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More Than One-Third of Patients Diagnosed With Hepatocellular Carcinoma as Outpatients Have Diagnostic Delays

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Key Points

  • A study of 457 patients with cirrhosis and hepatocellular carcinoma found that nearly 20% wait more than 3 months from presentation to diagnosis, which can contribute to interval tumor growth.
  • Diagnostic delays exceeding 3 months are particularly common among those diagnosed as outpatients, occurring in more than one-third.
  • Higher rates of diagnostic delays were observed among those diagnosed as outpatients who had hepatic encephalopathy (56% vs 35%).

Nearly 20% of patients with hepatocellular carcinoma “wait more than 3 months from presentation to diagnosis, which can contribute to interval tumor growth,” Patel et al concluded in the Journal of the National Comprehensive Cancer Network. They based their conclusions on a review of records of consecutive patients with cirrhosis and hepatocellular carcinoma at Parkland Memorial Health and Hospital System, a large urban safety net hospital in Dallas, between January 2005 and July 2012.

Diagnostic delays, defined as time to diagnosis exceeding 3 months, “are particularly common among outpatients, occurring in more than one-third,” the researchers found. “These delays may be related to several potential issues, including providers failing to recognize positive surveillance tests, patients missing radiology appointments, and insensitive diagnostic tests. Although we did not find any difference in receipt of [hepatocellular carcinoma]-directed treatment, diagnostic delays were associated with potential interval tumor growth in nearly one-fifth of patients.”

Racially Diverse Population

The median age of the patients was 56 years, and more than 75% were men. “Our population was racially diverse, with 36% African Americans, 30% Hispanic Caucasians, and 26% non-Hispanic Caucasians,” the researchers noted.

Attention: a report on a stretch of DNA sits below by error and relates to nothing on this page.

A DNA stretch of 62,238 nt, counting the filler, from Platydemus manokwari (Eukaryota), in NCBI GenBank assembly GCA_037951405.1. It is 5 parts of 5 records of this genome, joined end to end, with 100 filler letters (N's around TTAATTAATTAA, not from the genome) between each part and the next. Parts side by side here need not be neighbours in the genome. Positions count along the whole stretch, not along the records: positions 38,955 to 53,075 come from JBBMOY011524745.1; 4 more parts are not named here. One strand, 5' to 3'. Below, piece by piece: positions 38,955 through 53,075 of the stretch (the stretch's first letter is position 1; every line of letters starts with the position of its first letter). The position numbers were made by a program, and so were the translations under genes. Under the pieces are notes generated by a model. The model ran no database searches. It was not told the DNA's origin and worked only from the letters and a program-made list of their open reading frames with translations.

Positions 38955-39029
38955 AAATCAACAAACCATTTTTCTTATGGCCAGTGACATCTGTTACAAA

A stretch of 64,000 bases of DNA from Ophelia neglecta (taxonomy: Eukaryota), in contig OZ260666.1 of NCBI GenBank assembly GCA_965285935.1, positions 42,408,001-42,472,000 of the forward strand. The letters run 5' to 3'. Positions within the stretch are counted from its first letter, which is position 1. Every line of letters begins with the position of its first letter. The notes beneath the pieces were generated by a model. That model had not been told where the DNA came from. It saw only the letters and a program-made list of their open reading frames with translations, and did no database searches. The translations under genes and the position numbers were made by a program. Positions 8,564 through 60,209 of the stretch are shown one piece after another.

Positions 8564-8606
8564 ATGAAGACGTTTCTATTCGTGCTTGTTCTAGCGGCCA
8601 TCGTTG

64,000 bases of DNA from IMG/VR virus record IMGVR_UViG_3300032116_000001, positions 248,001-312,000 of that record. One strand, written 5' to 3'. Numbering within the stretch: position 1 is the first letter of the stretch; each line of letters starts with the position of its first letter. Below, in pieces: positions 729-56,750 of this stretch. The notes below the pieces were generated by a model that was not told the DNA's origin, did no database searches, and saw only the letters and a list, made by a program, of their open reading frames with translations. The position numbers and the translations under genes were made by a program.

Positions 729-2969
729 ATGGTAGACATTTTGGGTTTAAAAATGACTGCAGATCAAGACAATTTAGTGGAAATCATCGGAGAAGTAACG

Among 457 patients with cirrhosis who were diagnosed with hepatocellular carcinoma, 231 were inpatients, and 226 (49.5%) were diagnosed as outpatients. Although the time from presentation to diagnosis was less than 1 week for more than 90% of inpatients, the median time to diagnosis was 2.2 months for outpatients, with 87 patients (38.5%) experiencing a diagnostic delay.

Less Delay With Electronic Medical Records

Higher rates of diagnostic delays were observed among those diagnosed as outpatients who had hepatic encephalopathy (56% vs 35%). “Among 49 patients with mass-forming [hepatocellular carcinoma] and diagnostic delay, 18% had interval tumor growth of 2 cm or greater,” the investigators stated.

Lower rates of diagnostic delays were observed in patients diagnosed as outpatients who presented after implementation of a comprehensive electronic medical record (EMR) system, 26% vs 60% for those presenting before EMR. The authors noted that “diagnostic delays may be more common in hospital systems without an EMR, because of higher rates of unrecognized positive surveillance tests.” Patients presenting with an abnormal ultrasound, with or without an elevated alpha-fetoprotein level, also had lower rates of diagnostic delay, 27% vs 50%.

May Contribute to Outcome Disparities

The investigators noted that the incidence of hepatocellular carcinoma is increasing because of a growing number of cases of nonalcoholic fatty liver disease and hepatitis C virus. Curative options are “only available for those diagnosed at an early stage. Patients with early [hepatocellular carcinoma] achieve 5-year survival rates near 70% with resection or liver transplantation, whereas those with advanced [hepatocellular carcinoma] have a median survival of less than 1 year,” the authors added.

“Despite the availability of efficacious surveillance tests, only 40% of [hepatocellular carcinoma] cases are diagnosed at an early stage nationally,” the researchers wrote. “Tumor stage at diagnosis can be impacted by several factors in clinical practice, including low surveillance rates and delays in follow-up of abnormal screening tests. These issues may be particularly prevalent among racial minorities and socioeconomically disadvantaged patients, potentially contributing to racial and socioeconomic disparities in cancer outcomes.” 

Amit G. Singal, MD, MS, of the University of Texas Southwestern Medical Center, is the corresponding author of the Journal of the National Comprehensive Cancer Network article.

The study was supported by grants from the National Institutes of Health/National Center for Advancing Translational Sciences.

The content in this post has not been reviewed by the American Society of Clinical Oncology, Inc. (ASCO®) and does not necessarily reflect the ideas and opinions of ASCO®.


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